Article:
Have you ever seen a fabric in a shop and just knew it would make the perfect so-and-so? Did it work out?

 

More Cutting Layouts for A-Frame

One of my favorite things about the A-Frame skirt is the many opportunities for color blocking, print mixing and other ways of playing with fabric. I've provided some ideas and additional cutting layouts below, including some fabric suggestions from some awesome independent fabric retailers!

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There are many variations on A-frame that call for the same yardage and layout given in the pattern, but create visual interest by using both sides of the fabric. The sample version of the pencil skirt shown on the shop page uses an amazing double sided cotton. Since each skirt section is cut in pairs, you can simply flip over any pair of pieces to create contrast. Many double sided fabrics are available as lightweight upholstery fabric, which would work great for the pencil skirt. You could also use both right and wrong side of a fabric for a little interest. Fabrics like satin & sateen often have a crepe or plain weave back, allowing you to mix and match shiny & matte panels.

Here are some additional ideas that require special cutting layouts:

Version 1 - The Pencil Skirt

One way to play with the A-frame panels is to use both directions of a directional fabric, like stripes.

You can use striped fabric in coordinating colors, or simply re-orient your pattern pieces to create interest with horizontal & vertical stripes.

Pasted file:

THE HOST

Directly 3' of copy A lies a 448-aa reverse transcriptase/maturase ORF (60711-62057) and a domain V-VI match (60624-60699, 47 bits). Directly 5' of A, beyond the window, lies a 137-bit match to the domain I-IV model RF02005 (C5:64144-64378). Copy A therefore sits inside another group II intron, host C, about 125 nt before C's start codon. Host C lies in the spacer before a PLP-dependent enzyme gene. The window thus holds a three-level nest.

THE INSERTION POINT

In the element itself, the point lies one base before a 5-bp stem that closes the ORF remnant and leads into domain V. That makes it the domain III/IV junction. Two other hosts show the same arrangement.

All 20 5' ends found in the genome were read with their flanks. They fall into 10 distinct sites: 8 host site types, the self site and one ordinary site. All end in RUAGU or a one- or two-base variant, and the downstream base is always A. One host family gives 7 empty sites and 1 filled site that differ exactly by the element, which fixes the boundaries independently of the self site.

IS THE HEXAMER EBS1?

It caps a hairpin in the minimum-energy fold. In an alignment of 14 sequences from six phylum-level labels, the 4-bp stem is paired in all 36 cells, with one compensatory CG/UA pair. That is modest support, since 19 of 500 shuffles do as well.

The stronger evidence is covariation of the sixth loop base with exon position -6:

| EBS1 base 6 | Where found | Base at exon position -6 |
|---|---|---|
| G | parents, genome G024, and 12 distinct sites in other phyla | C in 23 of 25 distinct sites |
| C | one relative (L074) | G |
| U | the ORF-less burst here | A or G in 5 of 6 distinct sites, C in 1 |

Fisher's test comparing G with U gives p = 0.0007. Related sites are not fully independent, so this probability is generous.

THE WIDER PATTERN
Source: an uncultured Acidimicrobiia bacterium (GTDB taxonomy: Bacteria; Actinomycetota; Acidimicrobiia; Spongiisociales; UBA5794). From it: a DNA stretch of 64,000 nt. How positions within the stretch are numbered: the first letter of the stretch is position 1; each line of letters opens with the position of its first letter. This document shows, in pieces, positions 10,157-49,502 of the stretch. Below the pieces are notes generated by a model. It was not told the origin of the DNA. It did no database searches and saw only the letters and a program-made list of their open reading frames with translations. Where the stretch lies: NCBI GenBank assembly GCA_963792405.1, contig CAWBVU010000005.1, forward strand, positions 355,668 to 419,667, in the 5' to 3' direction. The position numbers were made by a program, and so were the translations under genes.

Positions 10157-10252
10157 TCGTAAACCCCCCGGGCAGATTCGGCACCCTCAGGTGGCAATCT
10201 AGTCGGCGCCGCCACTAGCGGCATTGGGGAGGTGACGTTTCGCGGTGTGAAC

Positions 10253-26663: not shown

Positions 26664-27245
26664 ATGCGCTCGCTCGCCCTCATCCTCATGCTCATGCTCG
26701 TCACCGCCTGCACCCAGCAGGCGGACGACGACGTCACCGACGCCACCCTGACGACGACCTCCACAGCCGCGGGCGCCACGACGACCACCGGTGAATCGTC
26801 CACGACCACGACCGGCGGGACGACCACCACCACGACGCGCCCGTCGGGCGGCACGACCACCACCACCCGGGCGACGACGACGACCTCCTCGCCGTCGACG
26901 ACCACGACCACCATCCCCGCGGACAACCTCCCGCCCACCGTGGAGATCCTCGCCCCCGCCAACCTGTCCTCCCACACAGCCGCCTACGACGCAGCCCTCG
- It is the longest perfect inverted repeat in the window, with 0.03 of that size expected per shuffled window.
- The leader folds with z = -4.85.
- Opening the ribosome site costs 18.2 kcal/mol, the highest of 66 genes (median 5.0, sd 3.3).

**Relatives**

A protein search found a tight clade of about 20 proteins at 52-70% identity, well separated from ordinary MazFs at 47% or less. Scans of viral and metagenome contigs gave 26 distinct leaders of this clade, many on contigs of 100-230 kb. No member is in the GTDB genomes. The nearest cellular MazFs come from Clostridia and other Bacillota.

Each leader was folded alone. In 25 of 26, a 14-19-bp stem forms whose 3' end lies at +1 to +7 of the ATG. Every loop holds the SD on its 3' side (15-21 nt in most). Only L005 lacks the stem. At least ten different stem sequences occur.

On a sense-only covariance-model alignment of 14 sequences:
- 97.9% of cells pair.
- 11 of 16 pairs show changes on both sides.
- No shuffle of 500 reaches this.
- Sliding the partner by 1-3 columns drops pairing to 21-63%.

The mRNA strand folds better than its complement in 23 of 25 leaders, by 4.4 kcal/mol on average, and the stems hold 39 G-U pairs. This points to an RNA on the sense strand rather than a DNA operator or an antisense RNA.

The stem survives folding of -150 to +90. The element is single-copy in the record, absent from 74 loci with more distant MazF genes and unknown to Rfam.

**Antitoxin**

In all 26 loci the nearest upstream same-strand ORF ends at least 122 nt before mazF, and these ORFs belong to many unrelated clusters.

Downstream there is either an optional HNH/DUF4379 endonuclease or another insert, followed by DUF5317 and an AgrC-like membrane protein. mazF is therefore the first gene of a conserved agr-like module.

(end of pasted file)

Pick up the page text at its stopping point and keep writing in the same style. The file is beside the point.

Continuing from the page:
I love this woven stripe viscose silk from  Blackbird Fabrics . It comes in two colors ways and would be perfect for an A-frame pencil skirt.

I love this woven stripe viscose silk from Blackbird Fabrics. It comes in two colors ways and would be perfect for an A-frame pencil skirt.

This Cotton + Steel cotton linen canvas from  Grey's Fabrics  is another great choice for playing with directional print.

This Cotton + Steel cotton linen canvas from Grey's Fabrics is another great choice for playing with directional print.

You can also play with coordinating colors in either solid or print fabrics to get some awesome results.

Essex Yarn Dye in  Chambray  and  Indigo  from Fiddlehead Artisan Supply

Essex Yarn Dye in Chambray and Indigo from Fiddlehead Artisan Supply

Here's another variation where the whole side panel is a contrast color

Neon Clouds by Hokkoh from  Miss Matatabi

Neon Clouds by Hokkoh from Miss Matatabi

Pair with a complementary plain linen/cotton solid like Robert Kaufman Essex from  Purl Soho

Pair with a complementary plain linen/cotton solid like Robert Kaufman Essex from Purl Soho

Version 2 - The A-line Skirt

Using the original cutting layout from the pattern can produce some cool results when using fabrics with symmetrical geometric prints like checks or plaids. Be sure to use plaids that are balanced, so that the bias cut front panel will look balanced too. Check out this video from A Fashionable Stitch about balanced vs. unbalanced plaids.

A bold ikat grid cotton from  Stonemountain & Daughter Fabrics

A bold ikat grid cotton from Stonemountain & Daughter Fabrics

Anna Maria Horner 'Loominous' check from  Fancy Tiger Crafts

Anna Maria Horner 'Loominous' check from Fancy Tiger Crafts

Here's a way to combine fabrics in Version 2.

Try combining colors in dreamy Bespoke double gauze by Cotton + Steel (In Aqua & Natural) from  Sew Biased Fabrics

Try combining colors in dreamy Bespoke double gauze by Cotton + Steel (In Aqua & Natural) from Sew Biased Fabrics

For a variation with the top half of the side panel is the same color as the main skirt, the pieces can fit into the same layout as above.

Above all, have fun! You could even go patchwork style and make every panel a different print in the same color.